When all this starts to feel overwhelming, you take a turn and suddenly find yourself in Naughara: a quiet cul-de-sac that houses a row of beautiful 18th-century Jain mansions and from where only hushed voices come forth. You knock and request permission to enter Shvetambar Jain temple, one of the most beautiful and private Jain temples in Delhi. Silence greets you here as you stare fascinated at the intricate gilded decoration of the room. Your time, however, is soon up and your host firmly but politely ushers you out. Suddenly from a world of cotton-wool silence, you are back to mayhem, noise, street barbers, hand-pulled carts, men sleeping on the sidewalks, and sharp smells of spices. You pass through all of that and walk down the street as the sidewalks are given to pushcart vendors, survive the garbage, cows, dogs, and monkeys, and return home with stunning photos of a world in colourful chaos that is old Delhi.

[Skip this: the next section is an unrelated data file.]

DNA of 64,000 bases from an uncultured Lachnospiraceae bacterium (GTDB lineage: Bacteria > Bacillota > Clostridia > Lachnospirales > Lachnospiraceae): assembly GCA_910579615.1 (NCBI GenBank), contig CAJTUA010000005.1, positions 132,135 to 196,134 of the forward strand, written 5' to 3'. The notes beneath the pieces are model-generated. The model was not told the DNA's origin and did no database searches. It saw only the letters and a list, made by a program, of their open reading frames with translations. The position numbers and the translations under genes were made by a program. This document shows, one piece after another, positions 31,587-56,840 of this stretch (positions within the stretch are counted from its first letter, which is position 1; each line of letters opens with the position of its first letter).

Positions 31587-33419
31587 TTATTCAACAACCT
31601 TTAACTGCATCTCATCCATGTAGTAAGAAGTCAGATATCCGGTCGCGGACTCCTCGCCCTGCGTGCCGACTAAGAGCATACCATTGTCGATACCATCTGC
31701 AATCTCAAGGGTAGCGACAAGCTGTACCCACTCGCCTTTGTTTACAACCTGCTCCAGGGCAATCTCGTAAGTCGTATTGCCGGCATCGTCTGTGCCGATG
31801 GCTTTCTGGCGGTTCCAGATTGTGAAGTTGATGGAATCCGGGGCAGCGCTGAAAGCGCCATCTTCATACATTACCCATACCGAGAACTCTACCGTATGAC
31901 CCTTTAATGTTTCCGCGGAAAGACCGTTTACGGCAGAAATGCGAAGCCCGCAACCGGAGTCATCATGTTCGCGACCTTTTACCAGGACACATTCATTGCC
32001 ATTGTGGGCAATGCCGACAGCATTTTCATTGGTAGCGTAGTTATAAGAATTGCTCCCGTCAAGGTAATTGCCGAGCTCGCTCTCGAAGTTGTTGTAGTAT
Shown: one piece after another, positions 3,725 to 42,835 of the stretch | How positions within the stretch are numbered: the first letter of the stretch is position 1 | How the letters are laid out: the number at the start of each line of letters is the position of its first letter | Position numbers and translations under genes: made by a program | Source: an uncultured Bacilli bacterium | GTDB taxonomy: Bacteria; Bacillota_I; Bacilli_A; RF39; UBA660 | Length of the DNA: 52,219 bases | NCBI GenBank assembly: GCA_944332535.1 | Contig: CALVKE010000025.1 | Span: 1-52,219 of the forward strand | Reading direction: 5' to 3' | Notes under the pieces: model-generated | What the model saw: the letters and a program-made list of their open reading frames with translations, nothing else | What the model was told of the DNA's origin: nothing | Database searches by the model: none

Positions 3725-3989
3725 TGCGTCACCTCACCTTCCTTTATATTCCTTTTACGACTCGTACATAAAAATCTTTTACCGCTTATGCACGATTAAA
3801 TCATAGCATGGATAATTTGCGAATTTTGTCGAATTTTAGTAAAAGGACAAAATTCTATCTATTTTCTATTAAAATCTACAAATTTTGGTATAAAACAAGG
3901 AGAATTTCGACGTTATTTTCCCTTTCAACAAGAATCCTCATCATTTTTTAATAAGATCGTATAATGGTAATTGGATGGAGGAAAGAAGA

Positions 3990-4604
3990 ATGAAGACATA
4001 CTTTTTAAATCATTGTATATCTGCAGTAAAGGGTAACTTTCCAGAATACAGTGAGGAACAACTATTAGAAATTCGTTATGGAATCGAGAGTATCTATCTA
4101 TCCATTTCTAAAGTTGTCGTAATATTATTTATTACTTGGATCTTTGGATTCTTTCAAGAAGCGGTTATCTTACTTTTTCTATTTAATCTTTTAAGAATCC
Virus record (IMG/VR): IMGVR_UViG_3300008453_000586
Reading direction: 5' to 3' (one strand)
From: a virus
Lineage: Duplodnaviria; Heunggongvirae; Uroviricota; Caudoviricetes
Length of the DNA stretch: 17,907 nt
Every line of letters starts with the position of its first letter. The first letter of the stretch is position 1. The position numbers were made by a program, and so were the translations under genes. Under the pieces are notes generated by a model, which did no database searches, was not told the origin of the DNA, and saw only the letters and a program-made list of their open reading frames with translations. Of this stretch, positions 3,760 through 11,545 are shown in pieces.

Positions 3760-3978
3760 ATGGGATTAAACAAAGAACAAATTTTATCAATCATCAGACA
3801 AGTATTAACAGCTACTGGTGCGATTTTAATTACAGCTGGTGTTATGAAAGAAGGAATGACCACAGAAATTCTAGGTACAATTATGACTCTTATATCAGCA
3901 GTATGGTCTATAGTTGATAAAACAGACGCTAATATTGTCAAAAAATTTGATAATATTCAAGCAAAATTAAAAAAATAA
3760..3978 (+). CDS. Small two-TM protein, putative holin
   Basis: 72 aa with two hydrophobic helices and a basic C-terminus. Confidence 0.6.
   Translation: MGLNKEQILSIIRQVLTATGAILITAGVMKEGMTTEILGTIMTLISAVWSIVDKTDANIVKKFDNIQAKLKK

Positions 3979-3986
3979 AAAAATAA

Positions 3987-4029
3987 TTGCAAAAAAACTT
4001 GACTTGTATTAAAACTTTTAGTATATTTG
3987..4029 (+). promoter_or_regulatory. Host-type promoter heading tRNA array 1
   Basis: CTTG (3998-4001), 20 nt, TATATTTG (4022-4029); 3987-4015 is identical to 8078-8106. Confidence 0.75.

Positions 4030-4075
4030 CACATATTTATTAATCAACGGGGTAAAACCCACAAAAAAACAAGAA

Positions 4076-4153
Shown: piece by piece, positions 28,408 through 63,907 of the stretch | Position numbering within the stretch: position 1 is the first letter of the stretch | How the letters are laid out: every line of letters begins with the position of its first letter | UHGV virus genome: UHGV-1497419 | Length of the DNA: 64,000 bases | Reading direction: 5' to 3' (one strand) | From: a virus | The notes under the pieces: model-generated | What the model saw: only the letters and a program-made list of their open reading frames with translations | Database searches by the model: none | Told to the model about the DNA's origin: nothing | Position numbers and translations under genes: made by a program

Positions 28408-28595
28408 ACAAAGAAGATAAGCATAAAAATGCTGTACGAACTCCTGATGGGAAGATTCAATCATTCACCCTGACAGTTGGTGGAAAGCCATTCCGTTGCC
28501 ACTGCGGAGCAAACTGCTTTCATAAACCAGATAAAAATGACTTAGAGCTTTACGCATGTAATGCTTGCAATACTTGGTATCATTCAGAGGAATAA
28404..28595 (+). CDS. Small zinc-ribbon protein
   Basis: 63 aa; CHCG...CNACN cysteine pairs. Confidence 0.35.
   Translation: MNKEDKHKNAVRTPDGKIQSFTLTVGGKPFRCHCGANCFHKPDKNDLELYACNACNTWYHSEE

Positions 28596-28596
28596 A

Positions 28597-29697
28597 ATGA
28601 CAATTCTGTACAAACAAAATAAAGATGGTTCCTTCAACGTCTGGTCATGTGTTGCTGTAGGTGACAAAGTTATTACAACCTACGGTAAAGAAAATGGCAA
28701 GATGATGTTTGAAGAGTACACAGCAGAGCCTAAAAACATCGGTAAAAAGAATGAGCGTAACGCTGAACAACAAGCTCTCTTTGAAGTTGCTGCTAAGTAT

Why should you explore Old Delhi?
Originally called Shahjahanabad, Old Delhi was established in the 17th century by the Mughal emperor Shah Jahan. Although sacked and looted by various foreign invaders, the walled city has been continually inhabited for a little less than four centuries. It is an interesting section of India´s capital city, where heritage buildings are home to communities that still practice their ancestral professions. It is a busy commercial area that boasts of thriving wholesale markets selling spices and wedding essentials. Old Delhi has one of India’s finest mosques and the remains of a Mughal fort. Explore the network of narrow winding alleys to discover pockets of interesting markets, traditional restaurants, hidden doorways, mansions (Havelis), or ornate Jain temples. It is also famous for street food so make sure to sample some succulent kebabs at Karim’s. You can also shop till you drop for spices, attar (oil-based perfumes from the Mughal tradition), or beautiful, glittery lace. To soak up the atmosphere, stay at the sumptuous Haveli Dharampura or dine there.